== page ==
Sunday, June 11, 2006

Seen in Nashville

Life in The Upper South...

Here are some random images from recent visits to the Nashville Airport and to Nashville's Opry Mills Mall which is located alongside our easiest route to the airport.

U.S. flag

This large flag is suspended over a ticket counter and check-in area in the airport. Call me corny if you want, but I think the U.S. flag is beautiful.

Art of Diane GettyArt of Diane Getty

These fabric artworks were created by Diane Getty. A sampler of six such pieces featuring Tennessee's wildflowers is currently on display at the airport. The piecing and quilting on these are just incredible. According to the info posted with the exhibit, Diane Getty is a native of Maine who studied fine arts at the University of New Mexico and later at the East Tennessee University. Her comment:
"I am inspired by the beauty, patterns and colors of my home in the Cumberland Plateau and I work to interpret what I see. I experiment with painting on fabric and incorporating collage and stitching into my piece. These methods help me articulate and interpret the layered intricacies of the landscape and its flora. Every piece challenges and delights me as I am constantly learning about my subject matter and my creative resources. It's the best of both worlds - the landscape and the process of creation sustain me."

On our other trip to the airport last week, the featured artist in this hallway gallery was Mary Spelling, a Tennessee painter. In the info about her, it said that she is interested in portraying relationships. I didn't take any photos of her art -- sorry.

Since it's Music City, the airport has a small stage near the concourse entrance where musicians provide several shows each day. James Allen Batson, a dapper looking gentleman perhaps in his 50's in age, was performing during our first visit, and he was really very good. I admire someone who can get up in the morning and cheerfully sing and play at 9 a.m. to a distracted audience in a busy public area. It takes an entertainer to graciously accept the situation and perform for those who are listening at the moment. In a way, it's a ministry as well as a job.

Opry Mills has a Bass Pro Shop, and much of the decor in it is rustic. Or at least it's meant to simulate rustic, though it might actually be made of plastic. This big fireplace in the lobby isn't plastic, though. The ironwork on the doors is nicely done.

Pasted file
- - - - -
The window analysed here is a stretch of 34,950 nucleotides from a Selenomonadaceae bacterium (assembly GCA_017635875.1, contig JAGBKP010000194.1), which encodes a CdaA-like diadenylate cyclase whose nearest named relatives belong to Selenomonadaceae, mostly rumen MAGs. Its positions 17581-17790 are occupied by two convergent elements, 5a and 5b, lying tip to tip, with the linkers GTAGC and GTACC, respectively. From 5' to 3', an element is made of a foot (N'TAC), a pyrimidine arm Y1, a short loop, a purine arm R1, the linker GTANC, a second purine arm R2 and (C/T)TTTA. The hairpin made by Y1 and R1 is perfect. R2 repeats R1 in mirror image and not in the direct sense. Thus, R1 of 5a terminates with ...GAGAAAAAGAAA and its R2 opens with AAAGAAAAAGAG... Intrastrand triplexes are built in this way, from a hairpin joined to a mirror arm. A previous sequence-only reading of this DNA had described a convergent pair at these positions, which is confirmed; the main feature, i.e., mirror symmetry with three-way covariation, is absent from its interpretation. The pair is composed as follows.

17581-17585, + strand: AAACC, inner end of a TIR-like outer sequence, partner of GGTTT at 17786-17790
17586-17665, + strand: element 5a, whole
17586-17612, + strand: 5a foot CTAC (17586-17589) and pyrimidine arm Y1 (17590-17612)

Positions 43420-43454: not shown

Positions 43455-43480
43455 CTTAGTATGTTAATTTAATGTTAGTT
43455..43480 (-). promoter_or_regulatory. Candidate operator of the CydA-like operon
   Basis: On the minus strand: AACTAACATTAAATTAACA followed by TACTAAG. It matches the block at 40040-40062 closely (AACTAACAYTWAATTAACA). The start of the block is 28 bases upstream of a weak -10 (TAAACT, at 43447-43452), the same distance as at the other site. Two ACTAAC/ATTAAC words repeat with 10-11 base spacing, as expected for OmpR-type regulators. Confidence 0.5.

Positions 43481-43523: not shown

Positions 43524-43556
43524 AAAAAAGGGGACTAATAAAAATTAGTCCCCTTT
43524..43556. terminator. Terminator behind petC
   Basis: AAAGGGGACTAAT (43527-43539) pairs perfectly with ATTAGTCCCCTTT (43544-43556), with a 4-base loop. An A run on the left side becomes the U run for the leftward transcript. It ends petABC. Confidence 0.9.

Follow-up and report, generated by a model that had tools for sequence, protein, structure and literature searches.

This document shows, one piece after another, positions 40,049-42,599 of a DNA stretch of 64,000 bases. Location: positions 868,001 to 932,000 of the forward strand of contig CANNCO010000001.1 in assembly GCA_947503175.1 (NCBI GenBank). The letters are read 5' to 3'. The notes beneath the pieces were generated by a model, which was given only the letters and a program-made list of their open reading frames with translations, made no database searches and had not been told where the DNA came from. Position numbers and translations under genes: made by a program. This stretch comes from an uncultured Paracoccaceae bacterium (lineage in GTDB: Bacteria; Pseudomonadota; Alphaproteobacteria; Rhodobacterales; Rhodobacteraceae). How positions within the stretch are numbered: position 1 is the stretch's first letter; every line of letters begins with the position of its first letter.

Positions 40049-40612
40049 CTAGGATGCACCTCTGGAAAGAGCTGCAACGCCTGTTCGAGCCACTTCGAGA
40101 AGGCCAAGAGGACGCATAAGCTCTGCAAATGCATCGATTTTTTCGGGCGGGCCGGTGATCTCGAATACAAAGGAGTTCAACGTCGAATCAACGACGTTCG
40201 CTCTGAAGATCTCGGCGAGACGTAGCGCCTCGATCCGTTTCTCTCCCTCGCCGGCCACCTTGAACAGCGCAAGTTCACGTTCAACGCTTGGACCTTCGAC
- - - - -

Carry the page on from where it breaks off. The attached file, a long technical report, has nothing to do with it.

In a shop doorway at Opry Mills. The reflection on a fold gives a strong hint that these guys are really just ... flat.

This carousel is located in the center of the Opry Mills food mall. The theme of the dining room is "a picnic in the park". The structural pillars are adapted to look like stylized tree trunks and dozens of banners imprinted with leaves are suspended high overhead to provide the foliage. The design is witty, there's natural light, and somehow, there's a pleasant golden glow to the entire area. It's nice public architecture.

As I sat on a bench waiting for my group to come out of a shop in the mall, I jotted down these descriptions of interesting people who passed by:

  • Woman pinching her cheeks - why?
  • Handsome, healthy blue collar couple with beautiful little boy.
  • Chubby teenage boy in saggy pants with preppy friends.
  • Ladies teetering in heels.
  • 50-year-old Thalidomide victim.
  • Goth girl in black lace petticoat, black flip-flops, black skull purse.
  • Dad babysitting toddler in stroller, too much tickling.
  • Plump matron in splashy floral pantsuit, tennis shoes.
  • Hispanic cowboy with girl in tight orange stretch clothes.
  • 10-year-old boy with red-white-blue arm cast.
  • Unhealthy banker in bermudas with spindly arms/legs, spindly wife.
  • 14-yr-old boy, black clothes, sideways cap.

When Isaac saw that I was actually making these notes, he said, "You're sick, Mom. Really sick." I suppose he's right. I'm good at entertaining myself, though. Grin

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1 comment:

heelers said...

That was fun.
Loved the descriptions.

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CONTENTMENT: Keep your heart free from hate, your mind from worry, live simply, expect little, give much, sing often, pray always, forget self, think of others and their feelings, fill your heart with love, scatter sunshine. These are the tried links in the golden chain of contentment.
(Author unknown)

IT IS STILL BEST to be honest and truthful; to make the most of what we have; to be happy with simple pleasure; and to be cheerful and have courage when things go wrong.
(Laura Ingalls Wilder, 1867-1957)

Thanks for reading.